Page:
- The Washington Times - Thursday, April 18, 2019

Washington and Ankara are inching closer to holding senior-level, bilateral talks over Turkey’s plans to buy the Russian-made S-400 missile system — a deal that U.S. officials say would force the cancellation of planned sales of the advanced F-35 Joint Strike Fighter to the NATO ally.

Acting Defense Secretary Patrick Shanahan struck an optimistic tone on whether the U.S. and Turkey could reach common ground regarding the S-400 acquisition, telling reporters at the Pentagon he would personally travel to Turkey and accompany the first deliveries of the F-35 to Ankara’s forces.

“The fact that I would go [to Turkey] to deliver the F-35 represents that we [will] resolve the S-400. And that’s what I am expecting we’ll able to solve,” he said, ahead of a meeting with Albania’s Minister of Defense Olta Xhacka.

His comments come less than a week after meeting with Turkish Defense Minister Hulusi Akar, to discuss the S-400 deal and other issued concerning the U.S.-Turkish relationship.

“There will always be challenges to navigate and that’s why we took the time … to sit down together,” Mr. Shanahan said of his meeting with Mr. Akar on Tuesday. “It’s like ok where are we stuck, how do we get unstuck,” he added. When asked on Thursday how close both sides are to holding talks on the S-400, Mr. Shanahan replied: “We’re closer.”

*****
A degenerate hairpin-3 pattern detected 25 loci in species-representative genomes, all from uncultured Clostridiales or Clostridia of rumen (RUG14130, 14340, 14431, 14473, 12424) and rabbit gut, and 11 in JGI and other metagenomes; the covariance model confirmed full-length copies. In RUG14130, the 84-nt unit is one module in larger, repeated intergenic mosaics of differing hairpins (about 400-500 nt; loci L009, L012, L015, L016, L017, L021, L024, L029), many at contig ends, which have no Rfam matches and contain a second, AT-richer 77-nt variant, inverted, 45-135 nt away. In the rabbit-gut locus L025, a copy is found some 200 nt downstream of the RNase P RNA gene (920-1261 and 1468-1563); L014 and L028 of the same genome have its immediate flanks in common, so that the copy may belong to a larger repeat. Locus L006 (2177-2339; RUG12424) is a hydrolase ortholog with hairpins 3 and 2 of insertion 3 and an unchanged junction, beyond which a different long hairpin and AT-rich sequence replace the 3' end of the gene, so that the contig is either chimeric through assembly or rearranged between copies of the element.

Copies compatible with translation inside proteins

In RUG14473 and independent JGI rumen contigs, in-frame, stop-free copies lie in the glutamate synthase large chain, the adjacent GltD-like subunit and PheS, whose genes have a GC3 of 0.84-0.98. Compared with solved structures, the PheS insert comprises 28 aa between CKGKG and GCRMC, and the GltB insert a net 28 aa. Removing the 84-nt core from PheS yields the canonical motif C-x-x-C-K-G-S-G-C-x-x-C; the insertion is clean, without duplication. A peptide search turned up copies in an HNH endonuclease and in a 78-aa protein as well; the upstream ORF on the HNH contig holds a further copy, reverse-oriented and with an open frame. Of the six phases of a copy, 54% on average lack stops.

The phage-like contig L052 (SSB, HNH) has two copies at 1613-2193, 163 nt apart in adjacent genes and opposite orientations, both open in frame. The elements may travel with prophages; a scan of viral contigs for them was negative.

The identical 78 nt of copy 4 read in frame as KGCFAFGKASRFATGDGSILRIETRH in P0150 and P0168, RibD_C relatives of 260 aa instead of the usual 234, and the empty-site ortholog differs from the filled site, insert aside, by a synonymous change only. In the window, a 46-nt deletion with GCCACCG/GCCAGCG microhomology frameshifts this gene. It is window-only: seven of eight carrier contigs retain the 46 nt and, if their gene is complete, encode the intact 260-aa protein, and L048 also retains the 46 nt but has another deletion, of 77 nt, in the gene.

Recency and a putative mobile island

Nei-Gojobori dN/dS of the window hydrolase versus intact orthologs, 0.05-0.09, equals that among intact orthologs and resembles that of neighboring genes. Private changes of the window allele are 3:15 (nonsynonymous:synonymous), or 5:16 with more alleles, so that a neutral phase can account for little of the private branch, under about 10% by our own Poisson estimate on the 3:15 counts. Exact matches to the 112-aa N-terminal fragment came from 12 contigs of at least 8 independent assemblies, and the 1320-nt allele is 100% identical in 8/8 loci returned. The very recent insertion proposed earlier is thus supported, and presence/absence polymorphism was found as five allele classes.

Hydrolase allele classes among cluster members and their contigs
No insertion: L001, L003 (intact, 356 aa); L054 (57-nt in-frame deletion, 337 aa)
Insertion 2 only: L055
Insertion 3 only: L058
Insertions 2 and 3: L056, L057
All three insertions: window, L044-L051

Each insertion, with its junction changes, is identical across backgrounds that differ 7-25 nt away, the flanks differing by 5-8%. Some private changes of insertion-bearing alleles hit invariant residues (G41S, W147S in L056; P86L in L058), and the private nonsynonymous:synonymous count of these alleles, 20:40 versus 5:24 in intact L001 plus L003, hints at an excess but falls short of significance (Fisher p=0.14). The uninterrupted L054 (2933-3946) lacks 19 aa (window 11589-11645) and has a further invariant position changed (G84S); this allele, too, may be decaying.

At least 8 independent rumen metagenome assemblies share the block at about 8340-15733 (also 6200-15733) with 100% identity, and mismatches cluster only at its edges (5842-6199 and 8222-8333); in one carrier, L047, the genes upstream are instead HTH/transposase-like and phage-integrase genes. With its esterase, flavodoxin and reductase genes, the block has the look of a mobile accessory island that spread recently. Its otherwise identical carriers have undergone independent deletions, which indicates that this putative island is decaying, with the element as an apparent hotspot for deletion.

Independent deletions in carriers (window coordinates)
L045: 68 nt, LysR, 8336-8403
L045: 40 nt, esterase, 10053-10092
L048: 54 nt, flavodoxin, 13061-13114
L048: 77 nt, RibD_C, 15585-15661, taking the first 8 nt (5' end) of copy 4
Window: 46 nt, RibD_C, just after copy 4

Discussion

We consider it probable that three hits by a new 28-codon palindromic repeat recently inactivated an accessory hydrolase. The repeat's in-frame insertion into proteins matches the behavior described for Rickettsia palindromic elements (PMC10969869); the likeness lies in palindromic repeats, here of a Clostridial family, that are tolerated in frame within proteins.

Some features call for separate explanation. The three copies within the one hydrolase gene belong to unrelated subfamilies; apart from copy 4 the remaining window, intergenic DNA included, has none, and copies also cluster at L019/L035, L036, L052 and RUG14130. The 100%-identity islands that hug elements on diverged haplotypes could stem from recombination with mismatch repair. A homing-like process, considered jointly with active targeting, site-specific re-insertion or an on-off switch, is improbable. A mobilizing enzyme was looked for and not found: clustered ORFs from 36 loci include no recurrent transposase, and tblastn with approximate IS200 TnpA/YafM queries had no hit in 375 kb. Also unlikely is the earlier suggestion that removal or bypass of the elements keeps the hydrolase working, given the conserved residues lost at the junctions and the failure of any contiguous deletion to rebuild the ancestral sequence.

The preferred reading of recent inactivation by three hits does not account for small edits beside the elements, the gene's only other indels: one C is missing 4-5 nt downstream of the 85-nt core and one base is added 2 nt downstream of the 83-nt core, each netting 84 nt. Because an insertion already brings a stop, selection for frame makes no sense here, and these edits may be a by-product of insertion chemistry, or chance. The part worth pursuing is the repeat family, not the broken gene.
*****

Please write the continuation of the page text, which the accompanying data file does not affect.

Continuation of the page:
U.S. and NATO officials fear the mixing of the Russian defense system and the American-made F-35 could give Moscow critical intelligence on the new jet’s capabilities and features. Yet Ankara’s insistence on moving ahead with the S-400 is further straining relations between Turkey and Washington, already frayed over Syria, Iran, Venezuela and the treatment of the region’s Kurds.

Turkish Foreign Minister Melvut Cavusoglu earlier this month publicly quashed any near-term hopes for a deal between the Trump administration and Ankara.

“S-400 deal is a done deal and we will not step back from this,” Mr. Cavusoglu said during a April 3rd NATO event sponsored by the Washington-based Atlantic Council. But the top Turkish diplomat did say a continued impasse between the U.S. and Ankara over the Russian deal “will have a negative impact on bilateral relations, which we do not prefer.”

A day after Mr. Cavusoglu’s comments, acting Pentagon spokesman Charles Summers told reporters the Pentagon is ready to pull the plug on sales of nearly 100 F-35 Joint Strike Fighters to Turkey. “If they get the S-400, the F-35 will not go forward,” Mr. Summers said.

Copyright © 2019 The Washington Times, LLC. Click here for reprint permission.

The Washington Times Comment Policy

The Washington Times welcomes your comments on Spot.im, our third-party provider. Please read our Comment Policy before commenting.

 

Click to Read More and View Comments

Click to Hide